Playing an optimistic Regal Blue Tang with boundless faith in her fellow fish wasn't that much of a stretch for positive-thinking "Finding Nemo" star Ellen DeGeneres.
Noting that she found herself relating to her upbeat character, Dory, on several levels, DeGeneres laughed and vaguely alluded to her own personal disappointments, stating, "I would probably be considered to have a brain injury if I was that hopeful and positive."
"It's a shame that we think of people who are that happy all the time that there is something wrong with them," she mused.
"Certainly, I have learned some lessons in life that I am somewhat skeptical, but I am still surprised when people are dishonest and they tell me something and I find out they're lying to me... I'm always surprised by that. I'm still disappointed in people sometimes and you'd think I would learn and I'm sensitive in ways that maybe I should learn, but I'm happy I'm still the way I am."
Unlike many animated films, "Finding Nemo" does not use heroes and villains in supernatural or mystical situations to tell its story. Instead, it is the exciting, emotionally realistic, adventure tale of a Clownfish named Marlin, an overprotective father (voiced by Albert Brooks) trying to find his rebellious young son (voiced by Alexander Gould) Nemo and bring him home after a well-meaning tropical fish enthusiast scoops him up and dumps him in an aquarium. Fortunately, Nemo has a colorful (literally) cast of friendly sea creatures (voiced by Willem Dafoe, Brad Garrett, Vicki Lewis and Allison Janney) who welcome him and help him cope with his new surroundings, while he waits in hope for his dad to rescue him.
Meanwhile, numerous other denizens of the deep do what they can to help Marlin find his son, restoring the neurotic father's faith in fishkind, his own parenting and his son's competence. Among the good salmon—uh, Samaritans—is the loyal, bubbly, but forgetful fish, Dory, voiced by DeGeneres in probably her funniest and most winning performance to date.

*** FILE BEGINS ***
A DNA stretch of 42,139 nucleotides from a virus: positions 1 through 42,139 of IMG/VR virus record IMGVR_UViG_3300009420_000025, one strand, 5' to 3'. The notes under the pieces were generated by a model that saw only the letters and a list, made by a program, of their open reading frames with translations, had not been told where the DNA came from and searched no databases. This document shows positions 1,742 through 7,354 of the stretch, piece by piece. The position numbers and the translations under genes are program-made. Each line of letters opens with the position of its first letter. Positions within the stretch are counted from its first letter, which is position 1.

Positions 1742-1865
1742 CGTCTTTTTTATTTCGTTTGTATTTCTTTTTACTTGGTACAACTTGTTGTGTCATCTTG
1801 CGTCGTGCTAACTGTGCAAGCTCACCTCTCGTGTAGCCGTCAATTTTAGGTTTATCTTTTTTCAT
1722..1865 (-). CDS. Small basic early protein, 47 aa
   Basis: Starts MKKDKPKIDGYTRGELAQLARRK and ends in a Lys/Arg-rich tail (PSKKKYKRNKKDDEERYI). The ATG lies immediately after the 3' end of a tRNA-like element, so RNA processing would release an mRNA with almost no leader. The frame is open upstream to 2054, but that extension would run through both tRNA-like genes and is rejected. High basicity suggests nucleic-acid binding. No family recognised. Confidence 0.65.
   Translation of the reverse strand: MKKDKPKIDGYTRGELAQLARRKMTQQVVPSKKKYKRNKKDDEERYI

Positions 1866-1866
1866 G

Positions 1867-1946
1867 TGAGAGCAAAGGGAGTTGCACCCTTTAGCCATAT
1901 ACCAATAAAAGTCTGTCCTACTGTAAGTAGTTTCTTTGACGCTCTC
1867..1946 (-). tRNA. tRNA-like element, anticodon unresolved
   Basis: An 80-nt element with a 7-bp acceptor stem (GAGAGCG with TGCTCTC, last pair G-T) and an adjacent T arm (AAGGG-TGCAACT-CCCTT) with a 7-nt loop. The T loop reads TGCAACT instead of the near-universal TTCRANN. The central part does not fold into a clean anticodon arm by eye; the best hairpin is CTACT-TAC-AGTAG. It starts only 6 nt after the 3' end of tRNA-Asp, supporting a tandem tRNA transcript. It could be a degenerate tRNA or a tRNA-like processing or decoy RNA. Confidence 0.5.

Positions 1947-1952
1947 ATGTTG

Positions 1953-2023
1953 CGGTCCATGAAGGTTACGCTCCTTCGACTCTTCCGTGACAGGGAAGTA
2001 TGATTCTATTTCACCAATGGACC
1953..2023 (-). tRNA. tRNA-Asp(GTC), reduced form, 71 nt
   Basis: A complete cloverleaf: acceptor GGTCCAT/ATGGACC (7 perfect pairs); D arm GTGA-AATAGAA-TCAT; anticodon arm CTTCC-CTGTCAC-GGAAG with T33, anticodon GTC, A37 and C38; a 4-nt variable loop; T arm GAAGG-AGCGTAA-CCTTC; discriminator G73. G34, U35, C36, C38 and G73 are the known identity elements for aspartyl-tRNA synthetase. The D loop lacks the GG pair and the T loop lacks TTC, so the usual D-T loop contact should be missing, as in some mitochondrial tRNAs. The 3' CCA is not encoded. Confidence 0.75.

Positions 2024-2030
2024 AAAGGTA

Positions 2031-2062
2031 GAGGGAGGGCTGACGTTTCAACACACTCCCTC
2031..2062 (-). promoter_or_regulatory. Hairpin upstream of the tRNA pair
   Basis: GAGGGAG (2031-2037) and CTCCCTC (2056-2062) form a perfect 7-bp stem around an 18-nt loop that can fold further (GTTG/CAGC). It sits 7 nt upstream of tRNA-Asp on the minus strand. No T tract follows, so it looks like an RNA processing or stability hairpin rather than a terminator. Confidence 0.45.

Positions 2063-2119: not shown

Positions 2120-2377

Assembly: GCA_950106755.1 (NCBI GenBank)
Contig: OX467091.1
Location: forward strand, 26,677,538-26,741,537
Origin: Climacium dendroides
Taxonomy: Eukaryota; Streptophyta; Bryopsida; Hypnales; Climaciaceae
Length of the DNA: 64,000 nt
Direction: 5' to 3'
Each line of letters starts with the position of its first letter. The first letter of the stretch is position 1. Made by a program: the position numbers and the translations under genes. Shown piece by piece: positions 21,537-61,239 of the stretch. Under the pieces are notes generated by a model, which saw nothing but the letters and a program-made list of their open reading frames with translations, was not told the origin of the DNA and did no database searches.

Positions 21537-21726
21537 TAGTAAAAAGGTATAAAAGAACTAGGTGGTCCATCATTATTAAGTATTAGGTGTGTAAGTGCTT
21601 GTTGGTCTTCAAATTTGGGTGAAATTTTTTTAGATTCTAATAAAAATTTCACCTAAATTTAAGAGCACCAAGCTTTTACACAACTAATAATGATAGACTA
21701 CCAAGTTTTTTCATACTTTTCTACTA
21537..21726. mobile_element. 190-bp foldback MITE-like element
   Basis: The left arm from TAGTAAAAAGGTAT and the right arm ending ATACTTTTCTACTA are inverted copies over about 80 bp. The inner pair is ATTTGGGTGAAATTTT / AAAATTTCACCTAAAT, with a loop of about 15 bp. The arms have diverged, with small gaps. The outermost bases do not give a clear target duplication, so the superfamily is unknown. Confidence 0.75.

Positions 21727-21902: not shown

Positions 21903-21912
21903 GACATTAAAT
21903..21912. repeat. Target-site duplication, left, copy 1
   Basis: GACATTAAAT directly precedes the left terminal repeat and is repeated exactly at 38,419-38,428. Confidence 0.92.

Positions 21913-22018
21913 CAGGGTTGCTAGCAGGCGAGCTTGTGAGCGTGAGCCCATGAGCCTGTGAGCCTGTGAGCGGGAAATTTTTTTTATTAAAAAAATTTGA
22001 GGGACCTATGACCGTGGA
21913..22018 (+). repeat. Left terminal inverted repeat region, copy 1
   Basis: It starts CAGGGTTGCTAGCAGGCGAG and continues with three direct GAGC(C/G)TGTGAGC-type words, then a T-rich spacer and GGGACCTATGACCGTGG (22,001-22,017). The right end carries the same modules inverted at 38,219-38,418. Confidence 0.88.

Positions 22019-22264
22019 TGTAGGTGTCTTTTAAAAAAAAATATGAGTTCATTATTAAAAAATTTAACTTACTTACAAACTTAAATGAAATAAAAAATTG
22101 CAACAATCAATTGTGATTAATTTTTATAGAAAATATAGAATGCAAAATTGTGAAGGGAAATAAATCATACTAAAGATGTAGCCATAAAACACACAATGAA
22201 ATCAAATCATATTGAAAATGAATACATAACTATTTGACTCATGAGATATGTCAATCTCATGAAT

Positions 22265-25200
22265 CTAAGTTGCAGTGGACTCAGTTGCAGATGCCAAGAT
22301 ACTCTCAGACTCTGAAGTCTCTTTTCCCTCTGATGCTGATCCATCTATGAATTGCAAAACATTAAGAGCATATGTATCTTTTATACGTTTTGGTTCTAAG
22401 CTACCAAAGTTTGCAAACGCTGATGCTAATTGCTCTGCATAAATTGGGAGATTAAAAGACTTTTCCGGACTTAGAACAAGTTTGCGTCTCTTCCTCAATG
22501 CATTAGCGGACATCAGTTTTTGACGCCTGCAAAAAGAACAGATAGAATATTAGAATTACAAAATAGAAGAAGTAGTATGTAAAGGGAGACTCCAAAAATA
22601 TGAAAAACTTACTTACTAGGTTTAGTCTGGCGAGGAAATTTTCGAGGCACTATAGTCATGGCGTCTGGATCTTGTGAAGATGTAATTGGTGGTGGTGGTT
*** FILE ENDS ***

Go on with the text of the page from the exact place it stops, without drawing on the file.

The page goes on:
The 45-year-old Louisiana native recently told reporters she thinks pint-sized moviegoers will be drawn to her character because she exhibits so many wonderful, child-like traits.
"I think kids can relate to Dory because she's so child-like," DeGeneres said. "I don't know how old she's supposed to be in the movie, but she's got every single quality that kids should have, not that they necessarily do. I think kids are growing up too fast now. But she's innocent. She's optimistic. There's not even a thought in her head that a shark would hurt her or that being swallowed by a whale is a bad thing. She's just happy and optimistic and positive about everything."
Asked why Dory sticks with Marlin even though he repeatedly tries to ditch her, DeGeneres said she thought it was because the two fished had a lot to teach each other.
"He keeps trying to get rid of her because she's annoying and he's stuck in fear and he doesn't understand her at all and she's completely different from the way he thinks," she said. "And yet by them spending time together, he learns to lighten up a little bit and learns to have fun, because he never has fun because of the fear because of what's happened to him and Dory learns to form attachments... Because of their differences, they both learn to change a little bit, which is a beautiful thing."
Promoting "Finding Nemo" is just one of the numerous projects DeGeneres is juggling these days. The stand-up comic and former sit-com star has a new book coming out later this year and a new television talk show in the works for this fall. Asked if all this was a calculated campaign to get back to work after a lengthy break, DeGeneres replied, "I don't think anyone could have orchestrated this."
"(Disney/Pixar) approached me three years ago about ('Finding Nemo') when I was on my tour for my last HBO special, so I had no idea when that was coming out," she recalled, adding in her trademark breathless rambling: "The talk show, I made the deal a year ago and I knew it was going to start in September, so I thought I had a year off to do nothing, so I thought, 'I'll write a book,' and so I made the book deal to come out right after the talk show, but then I thought, 'I can't sit at home and just write a book. I need to go on tour. I'll get rusty if I'm not talking to people all the time.' And then I thought, 'If I'm going on tour, I might as well do an HBO special...' It just all happened at once. Believe me, I'm very grateful for it all because I've been, for the last three years, I've been through a lot of different journeys and so it's really interesting that it's all coming out as once."
The Disney Pixar film, "Finding Nemo" swims into theaters Friday, while DeGeneres' HBO special is set to air next month.